Neil_Gershenfeld.jpgA couple of weeks ago, I was pleasantly surprised to find that Neil Gershenfeld would be giving the keynote at a large East Coast security conference I was attending.  I’ve been a fan of the fabrication movement pioneered by people like Gershenfeld for a few years. I’ve been humbled to see how tools like 3D printers and laser cutters are starting to improve lives and empower communities. Consider the e-NABLE project, which fabricates prosthetic hands for children, or various up-cycling projects in the developing world to reduce pollution by reusing computer parts or plastic waste. 

 

Gersenfeld spoke of fabrication disrupting production and consumption, reinventing the way we work and live. His ideas alternately perplexed and excited everyone in the room and at the end of his talk; he had more groupies lined up to meet him than William Shatner at a Sci-Fi convention. But what was someone like Gershenfeld doing in a room full of people whose careers were based upon finding faults in systems and software? I had reason to hope that I wasn’t the only security professional tired of the worn-out breaker mentality so prevalent in our field.

 

Maybe the tendency towards narcissism in the security community is finally starting to shift. Many industry veterans I know no longer feel the need to constantly display their prowess by exploiting vulnerabilities. They’re also burned out from repeatedly addressing the same problems with no apparent end in sight.  Perhaps the industry is evolving because its participants are maturing. They have families who are dependent on stable and safe technology. But more likely the change has to do with organizations questioning the value delivered by information technology groups and by extension, security teams. The stakes are higher as breaches get larger and more frequent. Those who are in the business of safeguarding digital assets are being held accountable when losses impact the bottom line.

 

At Gershenfeld’s keynote, someone asked what security professionals could do to support this evolution in the way we use technology. Shouldn’t this start with an attitude adjustment? The truth is that as much as we want it to, the security tail can’t wag the dog. Security controls only matter if they add value and don’t become an obstruction to the business.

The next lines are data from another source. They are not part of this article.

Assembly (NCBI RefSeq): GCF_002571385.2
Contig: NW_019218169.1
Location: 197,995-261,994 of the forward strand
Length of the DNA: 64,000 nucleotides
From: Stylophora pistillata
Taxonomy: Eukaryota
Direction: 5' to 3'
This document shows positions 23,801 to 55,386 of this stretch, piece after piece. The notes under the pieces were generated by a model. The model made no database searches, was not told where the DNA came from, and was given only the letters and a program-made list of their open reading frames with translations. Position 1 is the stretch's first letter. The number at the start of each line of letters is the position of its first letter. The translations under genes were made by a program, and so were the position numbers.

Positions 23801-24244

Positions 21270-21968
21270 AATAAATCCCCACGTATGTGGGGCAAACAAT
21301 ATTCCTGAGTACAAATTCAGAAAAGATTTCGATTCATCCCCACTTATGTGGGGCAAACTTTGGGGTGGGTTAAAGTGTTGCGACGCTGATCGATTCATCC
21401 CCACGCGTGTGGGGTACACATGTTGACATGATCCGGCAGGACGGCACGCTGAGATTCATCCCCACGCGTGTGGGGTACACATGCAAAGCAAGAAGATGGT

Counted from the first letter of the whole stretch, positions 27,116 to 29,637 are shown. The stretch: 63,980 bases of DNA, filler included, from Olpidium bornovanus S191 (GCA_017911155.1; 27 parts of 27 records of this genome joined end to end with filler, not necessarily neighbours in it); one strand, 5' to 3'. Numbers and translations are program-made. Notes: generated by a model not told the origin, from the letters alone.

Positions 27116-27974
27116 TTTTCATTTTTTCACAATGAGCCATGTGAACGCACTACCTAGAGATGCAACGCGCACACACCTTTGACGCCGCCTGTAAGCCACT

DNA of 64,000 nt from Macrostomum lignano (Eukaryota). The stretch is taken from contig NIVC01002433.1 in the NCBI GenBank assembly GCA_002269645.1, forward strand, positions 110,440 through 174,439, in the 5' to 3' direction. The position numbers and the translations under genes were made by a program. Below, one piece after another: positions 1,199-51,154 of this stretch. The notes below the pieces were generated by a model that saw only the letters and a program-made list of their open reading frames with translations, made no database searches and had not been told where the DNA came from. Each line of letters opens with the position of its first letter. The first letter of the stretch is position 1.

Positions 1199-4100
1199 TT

Instead of fearing change to our reactive security processes and checkbox procedures, we should restructure them by focusing on operationalizing security.  Most of the security problems that plague our organizations are still basic, solved by simple controls. These include configuration management, system build templates, access management based upon data and user classification and embedding responsiveness to alerts into our systems.  By approaching security as a feature instead of an end in itself, it becomes everyone’s concern and is more likely to be implemented. No longer some unique skill to someone with a special certification.

 

Security professionals no longer need to be the center of attention in a room full of technologists. We are simply subject matter experts called upon for guidance to help improve a product or project. This may change the nature of our jobs as digital cops, but ultimately anything that furthers the business will benefit information technology and security groups. Once security teams finally abandon their self-centered need to be a gate, grinding business to a halt, we might actually see progress that will make our jobs truly rewarding. The aim isn’t to increase the security budget, but to collaborate with a team to improve our workplaces, our organizations and maybe the world.